- Gordon Dumoulin
Ancient household registration under reform...
𝘈𝘯 𝘢𝘯𝘤𝘪𝘦𝘯𝘵 𝘩𝘰𝘶𝘴𝘦𝘩𝘰𝘭𝘥 𝘳𝘦𝘨𝘪𝘴𝘵𝘳𝘢𝘵𝘪𝘰𝘯 𝘶𝘯𝘥𝘦𝘳 𝘳𝘦𝘧𝘰𝘳𝘮...
Zhengzhou, capital of Henan province in central China is the first big city in China to wave the traditional hukou system. 户口 or Hukou is a system of household registration. Literally translated as “household origin”, the current hukou system has been in place since the 1950s and is location-tied (where one has been born) for certain social welfare benefits, including access to health care, education or the right to purchase property. A kind of family passport issued by the municipality.
Zhengzhou, Henan province in China
The system descends in part from ancient Chinese household registration systems. The hukou system also influenced similar public administration systems in neighboring East Asian countries, such as Japan (koseki) and Korea (hoju, until 2008).
The legacy of the Chinese hukou system can be traced back to ancient history. Two early models of the hukou system were the Xiangsui and Baojia systems. The Xiangsui system during the Western Zhou Dynasty (circa 11th-8th centuries BC) was used to categorize urban and rural land. The Baojia system, propagated by Lord Shang Yang (4th century BC), regulated accountability among groups of citizens: if one person violated rules, the whole group was responsible. This structure was later expanded upon during the Qin Dynasty (221-207 BCE) for the purposes of taxation, population control, and conscription.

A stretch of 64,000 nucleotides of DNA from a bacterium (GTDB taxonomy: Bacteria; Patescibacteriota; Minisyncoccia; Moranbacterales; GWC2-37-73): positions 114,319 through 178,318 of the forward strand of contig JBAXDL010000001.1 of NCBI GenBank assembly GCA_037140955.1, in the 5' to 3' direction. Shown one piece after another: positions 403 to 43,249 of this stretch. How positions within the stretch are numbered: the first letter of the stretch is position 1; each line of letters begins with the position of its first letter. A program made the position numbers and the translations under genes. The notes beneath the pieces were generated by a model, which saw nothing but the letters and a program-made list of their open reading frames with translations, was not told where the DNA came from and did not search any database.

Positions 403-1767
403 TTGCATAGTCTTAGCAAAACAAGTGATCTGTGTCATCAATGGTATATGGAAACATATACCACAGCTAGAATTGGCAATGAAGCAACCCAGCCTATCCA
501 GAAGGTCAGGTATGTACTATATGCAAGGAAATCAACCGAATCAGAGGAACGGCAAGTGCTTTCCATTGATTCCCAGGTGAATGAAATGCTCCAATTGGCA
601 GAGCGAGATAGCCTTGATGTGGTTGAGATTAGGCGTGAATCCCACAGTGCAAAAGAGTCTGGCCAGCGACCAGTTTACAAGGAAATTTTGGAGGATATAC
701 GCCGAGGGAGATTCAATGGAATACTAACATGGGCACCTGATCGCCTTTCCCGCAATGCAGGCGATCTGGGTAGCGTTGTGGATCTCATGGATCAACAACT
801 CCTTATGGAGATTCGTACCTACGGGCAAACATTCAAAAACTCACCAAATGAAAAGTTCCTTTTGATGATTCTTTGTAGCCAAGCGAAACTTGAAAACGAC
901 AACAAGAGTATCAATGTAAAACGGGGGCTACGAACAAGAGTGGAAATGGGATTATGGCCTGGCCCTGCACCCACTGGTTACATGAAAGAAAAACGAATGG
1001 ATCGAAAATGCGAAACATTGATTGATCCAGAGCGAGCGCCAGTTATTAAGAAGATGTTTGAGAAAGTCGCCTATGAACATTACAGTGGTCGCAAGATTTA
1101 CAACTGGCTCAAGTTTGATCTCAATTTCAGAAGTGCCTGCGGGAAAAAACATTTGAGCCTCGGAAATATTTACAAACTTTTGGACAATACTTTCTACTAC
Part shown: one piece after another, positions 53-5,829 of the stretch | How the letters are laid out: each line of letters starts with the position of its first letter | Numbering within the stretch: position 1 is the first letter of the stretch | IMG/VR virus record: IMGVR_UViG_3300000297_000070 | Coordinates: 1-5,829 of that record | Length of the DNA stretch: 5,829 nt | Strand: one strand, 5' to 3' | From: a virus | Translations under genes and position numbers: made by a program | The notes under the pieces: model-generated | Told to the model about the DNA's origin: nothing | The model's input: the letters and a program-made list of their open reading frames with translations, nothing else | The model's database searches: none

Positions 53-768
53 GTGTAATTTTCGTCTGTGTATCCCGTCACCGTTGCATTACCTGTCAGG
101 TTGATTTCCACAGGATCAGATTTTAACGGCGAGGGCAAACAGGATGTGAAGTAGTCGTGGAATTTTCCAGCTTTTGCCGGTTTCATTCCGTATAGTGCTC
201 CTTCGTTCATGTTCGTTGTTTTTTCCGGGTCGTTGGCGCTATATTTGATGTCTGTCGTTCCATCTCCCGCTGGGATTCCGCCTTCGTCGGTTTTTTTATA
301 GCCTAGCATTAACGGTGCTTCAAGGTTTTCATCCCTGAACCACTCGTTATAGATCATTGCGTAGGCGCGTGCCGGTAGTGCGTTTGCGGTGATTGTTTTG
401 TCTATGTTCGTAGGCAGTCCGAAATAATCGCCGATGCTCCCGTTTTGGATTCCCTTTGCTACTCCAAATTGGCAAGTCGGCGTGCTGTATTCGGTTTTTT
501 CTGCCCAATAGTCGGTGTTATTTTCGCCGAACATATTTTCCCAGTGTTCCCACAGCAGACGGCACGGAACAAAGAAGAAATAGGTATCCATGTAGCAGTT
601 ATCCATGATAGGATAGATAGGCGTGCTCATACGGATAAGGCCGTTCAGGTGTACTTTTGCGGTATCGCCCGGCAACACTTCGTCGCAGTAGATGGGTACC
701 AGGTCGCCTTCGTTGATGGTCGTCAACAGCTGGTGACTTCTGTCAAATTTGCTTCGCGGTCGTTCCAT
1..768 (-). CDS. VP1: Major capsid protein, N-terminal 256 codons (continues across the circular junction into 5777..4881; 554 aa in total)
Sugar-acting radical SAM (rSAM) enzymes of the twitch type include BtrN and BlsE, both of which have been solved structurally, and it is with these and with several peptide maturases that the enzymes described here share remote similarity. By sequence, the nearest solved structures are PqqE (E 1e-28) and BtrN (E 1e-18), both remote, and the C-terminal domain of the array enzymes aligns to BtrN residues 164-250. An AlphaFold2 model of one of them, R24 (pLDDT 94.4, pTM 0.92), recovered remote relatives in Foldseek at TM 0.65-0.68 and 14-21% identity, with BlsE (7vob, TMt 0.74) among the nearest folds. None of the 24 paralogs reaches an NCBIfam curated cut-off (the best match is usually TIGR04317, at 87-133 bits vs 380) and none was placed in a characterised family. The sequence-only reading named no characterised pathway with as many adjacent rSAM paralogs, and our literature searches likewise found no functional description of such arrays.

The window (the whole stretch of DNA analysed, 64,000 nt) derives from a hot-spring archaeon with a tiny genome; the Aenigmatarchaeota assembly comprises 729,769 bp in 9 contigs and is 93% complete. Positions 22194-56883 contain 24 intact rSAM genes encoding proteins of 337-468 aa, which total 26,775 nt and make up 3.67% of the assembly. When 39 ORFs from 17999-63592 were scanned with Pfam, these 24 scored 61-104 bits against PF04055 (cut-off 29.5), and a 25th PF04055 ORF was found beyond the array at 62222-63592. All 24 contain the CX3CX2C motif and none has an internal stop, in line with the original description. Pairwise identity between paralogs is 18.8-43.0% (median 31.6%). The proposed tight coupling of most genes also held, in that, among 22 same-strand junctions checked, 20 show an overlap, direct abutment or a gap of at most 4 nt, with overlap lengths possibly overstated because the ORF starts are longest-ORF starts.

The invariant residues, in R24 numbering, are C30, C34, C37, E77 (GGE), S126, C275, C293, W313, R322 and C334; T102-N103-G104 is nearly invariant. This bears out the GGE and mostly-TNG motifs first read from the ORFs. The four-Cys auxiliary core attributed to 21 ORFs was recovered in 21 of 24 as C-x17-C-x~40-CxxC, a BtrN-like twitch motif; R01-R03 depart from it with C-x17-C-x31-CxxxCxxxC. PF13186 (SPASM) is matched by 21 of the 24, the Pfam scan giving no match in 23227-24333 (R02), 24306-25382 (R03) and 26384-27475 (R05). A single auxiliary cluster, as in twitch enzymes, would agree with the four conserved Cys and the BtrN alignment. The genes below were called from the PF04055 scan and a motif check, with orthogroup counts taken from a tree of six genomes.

Demographic developments in recent decades, especially younger generations moving from rural to urban areas have challenged the traditional Hukou system in China. Especially with respect to the rights of education, health care and property as these were tied to the place of the hukou registration.
In 2019, the Chinese government already relaxed hukou requirements for “small cities” with less than 3 million inhabitants to let rural people move to cities for work, education and better facilities. Last year #Jiangxi province with 46 million inhabitants also relaxed the hukou requirements. Other cities such as #Shanghai are offering university graduates hukou registration possibilities to keep the graduates in the city.
Jiangxi province in China
And now #Zhengzhou becomes the first major city, “new first tier city” with a population of 12 million to scrap the hukou requirements as a whole. Major reasons for lifting the hukou requirements are to attract young and talented people to the city and regulate the overextended real estate developments since 2015.
Looking at the rural-urban transformations in Chinese society, Zhengzhou will probably not be the last city to ease the hukou with further reforms in residency registration systems.
Source and read more in Zhengzhou Becomes First Big City to Scrap ‘Hukou’ Restrictions by Sixth Tone.